Digital Capital – new accounting approach needed.
Here a true eCFO topic – accounting! Before you stop reading – this is really important – so stay with me. I first picked up on the topic when I started working with our Facebook agency on their generic group concept. By now we have over 1 million fans in general Facebook groups that we “rent” out to clients in order to advertise to a specific target segment. I argued back and forth with our accountant that the capital we invested is in fact not a period expense in our P&L but that we are actually building a long-term asset that should show up on our balance sheet. I lost the argument but still know that I am right – just our accountings standards have not yet caught up with the “digital revolution”. Now McKinsey seems to agree – the consultancy published a new story that focuses on “digital capital” (LINK)
In their conclusion they highlight that even though accounting has not caught up – companies need to act now and explain to investors that they are building assets even if their balance sheet does not reflect it (yet). Capital allocation needs to be quickly adjusted in almost all industries to catch up with changes brought by the rapidly developing digitalization:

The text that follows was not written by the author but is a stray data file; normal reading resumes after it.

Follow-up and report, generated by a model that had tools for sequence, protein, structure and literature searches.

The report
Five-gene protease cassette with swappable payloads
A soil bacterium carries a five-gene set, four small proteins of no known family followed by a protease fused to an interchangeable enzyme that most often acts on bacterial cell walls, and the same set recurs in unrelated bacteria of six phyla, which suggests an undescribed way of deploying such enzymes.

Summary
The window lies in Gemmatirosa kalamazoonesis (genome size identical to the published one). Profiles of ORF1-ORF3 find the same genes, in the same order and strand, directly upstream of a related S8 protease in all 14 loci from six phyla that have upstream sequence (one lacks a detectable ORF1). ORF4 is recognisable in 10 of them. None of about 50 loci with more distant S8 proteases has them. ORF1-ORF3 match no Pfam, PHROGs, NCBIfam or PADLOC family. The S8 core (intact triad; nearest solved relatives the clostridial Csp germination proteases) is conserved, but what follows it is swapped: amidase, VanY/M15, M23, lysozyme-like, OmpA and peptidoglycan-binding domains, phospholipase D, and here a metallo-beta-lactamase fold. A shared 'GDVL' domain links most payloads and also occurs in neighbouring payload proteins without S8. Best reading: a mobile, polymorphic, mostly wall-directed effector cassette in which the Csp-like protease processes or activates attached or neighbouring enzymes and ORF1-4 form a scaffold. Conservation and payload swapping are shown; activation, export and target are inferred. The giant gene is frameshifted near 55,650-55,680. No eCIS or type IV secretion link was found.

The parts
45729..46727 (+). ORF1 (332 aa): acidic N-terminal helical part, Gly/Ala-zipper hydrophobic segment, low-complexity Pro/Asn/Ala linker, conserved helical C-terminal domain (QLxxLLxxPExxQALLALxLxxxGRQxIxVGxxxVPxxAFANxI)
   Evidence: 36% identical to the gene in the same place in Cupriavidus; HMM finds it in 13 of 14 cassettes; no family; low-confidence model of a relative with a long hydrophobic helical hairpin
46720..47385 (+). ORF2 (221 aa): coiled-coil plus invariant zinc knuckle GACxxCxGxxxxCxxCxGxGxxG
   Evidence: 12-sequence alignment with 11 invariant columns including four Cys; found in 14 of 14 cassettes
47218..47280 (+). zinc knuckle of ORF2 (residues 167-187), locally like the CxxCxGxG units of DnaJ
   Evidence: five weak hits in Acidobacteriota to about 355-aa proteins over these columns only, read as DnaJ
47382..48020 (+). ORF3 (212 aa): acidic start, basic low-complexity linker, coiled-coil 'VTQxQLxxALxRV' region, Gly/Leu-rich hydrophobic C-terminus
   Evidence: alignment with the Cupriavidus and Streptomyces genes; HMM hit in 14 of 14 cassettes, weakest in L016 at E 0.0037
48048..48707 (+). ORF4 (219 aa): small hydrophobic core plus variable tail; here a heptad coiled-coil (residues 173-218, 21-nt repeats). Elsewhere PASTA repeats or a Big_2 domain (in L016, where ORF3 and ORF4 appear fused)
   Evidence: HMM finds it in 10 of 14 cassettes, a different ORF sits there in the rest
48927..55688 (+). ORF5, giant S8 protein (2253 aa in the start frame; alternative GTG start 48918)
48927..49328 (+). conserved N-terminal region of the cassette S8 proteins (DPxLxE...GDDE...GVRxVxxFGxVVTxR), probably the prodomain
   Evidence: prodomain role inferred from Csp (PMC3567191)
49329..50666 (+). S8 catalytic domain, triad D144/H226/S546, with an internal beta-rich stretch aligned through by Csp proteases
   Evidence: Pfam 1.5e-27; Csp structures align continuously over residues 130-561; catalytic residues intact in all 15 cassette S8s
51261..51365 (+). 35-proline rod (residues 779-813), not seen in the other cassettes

“The need for growth and competitiveness will force companies to build strong digital capabilities. Viewing them as assets rather than additional areas of spending requires a new set of management and financial lenses. Embracing them is a major shift—but one worth making for companies striving to master a still-evolving landscape.”
They continue to highlight that companies really need to focus on collecting and analyzing data from their activities. The digital development combined with big-data analysis capabilities offers new business opportunities but also threatens established players that are to slow to react.
“Since identifying intangible assets is difficult, companies may be missing growth opportunities. Many have realized only recently that they can use social-media interactions with their best customers to leverage innovation efforts or that they may have unused data they could restructure into valuable big-data assets to sharpen business strategy. Similarly, companies should take stock of how digital capital they don’t own may be relevant to the business. A retailer that doesn’t have access to digital behavioral data on consumers, for example, may be at a disadvantage. So could a bank whose customers access products through a third-party platform that limits the bank’s ability to capture information.”
So what now? We need better accounting methods that reflect the real value of digital capital allocation but this is not going to happen quickly. eCFOs will need to do a much better job explaining to markets, shareholders and capital providers how they are planning to make money due to their digital capital investment. Financial statements will again become more irrelevant for company valuations and future earnings expectations.